A l’Aigle d’Or, Osthouse
Customers call the cat who freely roams this winstub by name: it’s that kind of place. L’Aigle is the only restaurant in Osthouse, A La Ferme the only hotel, so when you book a room at the one you automatically wind up eating at the other (both places are owned by the Hellmann family). It takes three minutes to reach the hotel from the winstub, a pleasant walk that could be a lot more if Osthouse woke up a little: while attractive in the gruff way of Alsatian farming bourgs, the village is sleepy, and the fear is that sleepiness will soon result in death. A La Ferme has seven rooms, three in an early-19th-century farmhouse, which you choose for their humble antiques. The others, in an outbuilding once used for drying tobacco, are bigger and more “up-to-date.” But a night here is about the breakfast, not the rooms. The younger Madame Hellmann’s kugelhopf—a yeast cake with almonds and raisins baked in a tube pan with swirling fluted sides—is a modèle du genre. All petticoat lampshades and morbid gold swagged curtains, l’Aigle looks like Waverley Root just got up from dessert (cinnamon ice cream, say, and an apple roasted with salted butter) and the hot plates have been toasting in their warming tower ever since. L’Aigle’s menu reads like the excellent Petit Recueil de la Gastronomie Alsacienne (Editions S.A.E.P.). Matelote brings together assorted freshwater fish in a sauce of fumet, cream, and mushrooms. Pot-au-feu always begins with a bowl of bouillon, except in Alsace, where it begins with marrow quenelles in a bowl of bouillon. When I remarked on the clearness of the broth, Madame Hellmann said, “Well, it had better be, monsieur. It had better be!” L’Aigle also observes regional pot-au-feu distinctions by serving it with individual carrot, cucumber, celeriac, and beet salads. These are in addition to the root vegetables from the pot, and yet somehow the salads seem so necessary (unlike the sautéed potatoes).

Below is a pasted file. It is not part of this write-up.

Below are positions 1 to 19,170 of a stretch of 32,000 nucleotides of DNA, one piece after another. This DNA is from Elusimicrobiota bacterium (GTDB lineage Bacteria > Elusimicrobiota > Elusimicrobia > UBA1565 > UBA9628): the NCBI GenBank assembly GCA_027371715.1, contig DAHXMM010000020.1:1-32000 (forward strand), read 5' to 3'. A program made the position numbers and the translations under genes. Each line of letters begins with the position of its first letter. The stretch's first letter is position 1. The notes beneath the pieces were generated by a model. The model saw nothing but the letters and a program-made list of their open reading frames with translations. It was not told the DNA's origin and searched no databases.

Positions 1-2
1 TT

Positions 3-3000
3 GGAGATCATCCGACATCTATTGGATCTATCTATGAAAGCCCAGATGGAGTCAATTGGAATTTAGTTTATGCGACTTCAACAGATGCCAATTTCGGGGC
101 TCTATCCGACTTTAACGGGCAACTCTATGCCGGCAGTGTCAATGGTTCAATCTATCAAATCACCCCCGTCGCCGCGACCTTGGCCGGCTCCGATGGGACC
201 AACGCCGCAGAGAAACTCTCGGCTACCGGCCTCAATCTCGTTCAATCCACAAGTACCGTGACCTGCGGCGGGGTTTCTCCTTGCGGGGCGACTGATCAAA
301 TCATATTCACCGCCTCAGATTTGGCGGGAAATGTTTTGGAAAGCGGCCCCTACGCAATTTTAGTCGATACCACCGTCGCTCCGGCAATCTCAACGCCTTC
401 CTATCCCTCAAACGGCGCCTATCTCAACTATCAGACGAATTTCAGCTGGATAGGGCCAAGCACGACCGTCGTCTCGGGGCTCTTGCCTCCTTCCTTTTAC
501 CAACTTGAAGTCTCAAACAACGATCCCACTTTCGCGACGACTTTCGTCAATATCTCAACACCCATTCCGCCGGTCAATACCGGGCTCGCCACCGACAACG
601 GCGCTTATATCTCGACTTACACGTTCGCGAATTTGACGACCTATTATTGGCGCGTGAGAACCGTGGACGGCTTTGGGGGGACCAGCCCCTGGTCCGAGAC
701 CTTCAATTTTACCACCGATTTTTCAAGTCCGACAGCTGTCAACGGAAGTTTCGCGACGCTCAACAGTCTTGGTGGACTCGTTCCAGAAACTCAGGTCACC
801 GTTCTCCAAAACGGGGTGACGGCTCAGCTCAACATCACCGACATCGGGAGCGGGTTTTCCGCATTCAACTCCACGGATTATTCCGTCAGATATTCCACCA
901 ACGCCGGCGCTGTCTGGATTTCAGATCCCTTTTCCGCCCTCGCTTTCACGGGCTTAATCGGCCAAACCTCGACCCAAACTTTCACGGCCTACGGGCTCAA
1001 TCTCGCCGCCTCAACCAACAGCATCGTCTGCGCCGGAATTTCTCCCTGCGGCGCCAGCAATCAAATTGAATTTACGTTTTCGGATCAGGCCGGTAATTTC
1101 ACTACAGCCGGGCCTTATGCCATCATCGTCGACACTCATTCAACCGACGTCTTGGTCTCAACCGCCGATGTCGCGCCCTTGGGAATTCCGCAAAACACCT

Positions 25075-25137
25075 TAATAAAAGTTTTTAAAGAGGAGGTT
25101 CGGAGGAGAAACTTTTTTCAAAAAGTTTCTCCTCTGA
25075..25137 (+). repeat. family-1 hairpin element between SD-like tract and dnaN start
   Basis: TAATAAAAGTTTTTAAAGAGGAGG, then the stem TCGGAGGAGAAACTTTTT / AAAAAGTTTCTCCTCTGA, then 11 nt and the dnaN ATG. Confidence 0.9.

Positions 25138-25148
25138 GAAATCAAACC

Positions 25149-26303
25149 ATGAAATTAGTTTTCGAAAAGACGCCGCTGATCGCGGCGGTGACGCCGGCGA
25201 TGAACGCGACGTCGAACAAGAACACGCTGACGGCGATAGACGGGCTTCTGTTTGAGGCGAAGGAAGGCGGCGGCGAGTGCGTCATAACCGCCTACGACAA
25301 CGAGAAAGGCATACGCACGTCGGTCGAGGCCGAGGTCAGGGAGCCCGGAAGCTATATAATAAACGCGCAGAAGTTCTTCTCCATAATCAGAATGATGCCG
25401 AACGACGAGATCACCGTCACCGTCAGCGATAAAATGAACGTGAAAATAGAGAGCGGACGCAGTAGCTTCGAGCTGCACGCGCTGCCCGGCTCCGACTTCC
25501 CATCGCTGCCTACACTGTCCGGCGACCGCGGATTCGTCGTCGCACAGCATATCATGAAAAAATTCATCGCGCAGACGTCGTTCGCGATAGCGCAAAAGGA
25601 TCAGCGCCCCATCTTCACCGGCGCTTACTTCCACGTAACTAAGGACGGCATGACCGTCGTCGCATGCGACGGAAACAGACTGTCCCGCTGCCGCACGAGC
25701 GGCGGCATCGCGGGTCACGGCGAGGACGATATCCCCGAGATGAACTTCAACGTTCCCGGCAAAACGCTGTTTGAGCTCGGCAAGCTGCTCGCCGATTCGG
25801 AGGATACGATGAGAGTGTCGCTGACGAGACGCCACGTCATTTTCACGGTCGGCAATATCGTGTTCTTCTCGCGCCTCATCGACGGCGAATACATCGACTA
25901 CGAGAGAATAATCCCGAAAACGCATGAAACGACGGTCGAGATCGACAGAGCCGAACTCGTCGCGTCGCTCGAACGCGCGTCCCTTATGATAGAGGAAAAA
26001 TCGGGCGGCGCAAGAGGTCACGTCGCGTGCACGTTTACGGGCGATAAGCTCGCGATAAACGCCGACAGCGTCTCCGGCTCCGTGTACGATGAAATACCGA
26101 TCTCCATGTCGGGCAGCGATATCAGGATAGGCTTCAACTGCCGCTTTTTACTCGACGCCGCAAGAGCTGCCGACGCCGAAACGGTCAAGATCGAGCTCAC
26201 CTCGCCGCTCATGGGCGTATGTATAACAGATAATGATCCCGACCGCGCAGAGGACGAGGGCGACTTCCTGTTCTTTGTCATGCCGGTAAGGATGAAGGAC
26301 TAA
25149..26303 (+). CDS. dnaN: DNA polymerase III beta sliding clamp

Le Clou, Strasbourg
According to Marie Sengel, the charismatic owner here and a born gatekeeper, winstube are an exclusive club with few members: Le Clou, Le Sarment d’Or in Riquewihr, Wistub Brenner in Colmar, Caveau Morakopf in Niedermorschwihr, A l’Aigle d’Or in Osthouse, Burestubel in Pfulgriesheim—and that’s it. (Strasbourg’s Zuem Strissel, she says, is a fake.) While the list is short, ignoring what most French food professionals consider to be the facts, you can’t dismiss it. Sengel is a practicing authority, and her view, like the Illwald, establishes a yardstick, use it or not. I’ve never seen Le Clou not crowded. On a soggy winter day the smell of Muenster melting over an entrecôte mingles with the steamy, doggy exhalations of boiled-wool jackets. Tables are shared, which most Americans are really not comfortable with, so you just hope for the best. The walls are hung with Hansi village scenes and the marquetry landscapes the Spindlers of Boersch have been chiseling since 1893. No matter how many times I have the winstub staple salade strasbourgeoise I still find the idea of combining Gruyère; cervelas, a sausage with the texture and color of mortadella; and oniony vinaigrette delicious but weird. When I’m in Strasbourg on a day when I know one of my meals is going to be choucroute, I make the other one this salad and a plate of marrow bones and don’t feel too deprived. Other dishes from the winstub canon include escargots à l’alsacienne (with bouillon spooned into the shells, in addition to the standard parsley-garlic-shallot butter); and high-and-fluffy cheesecake, taken with a glass of kirsch.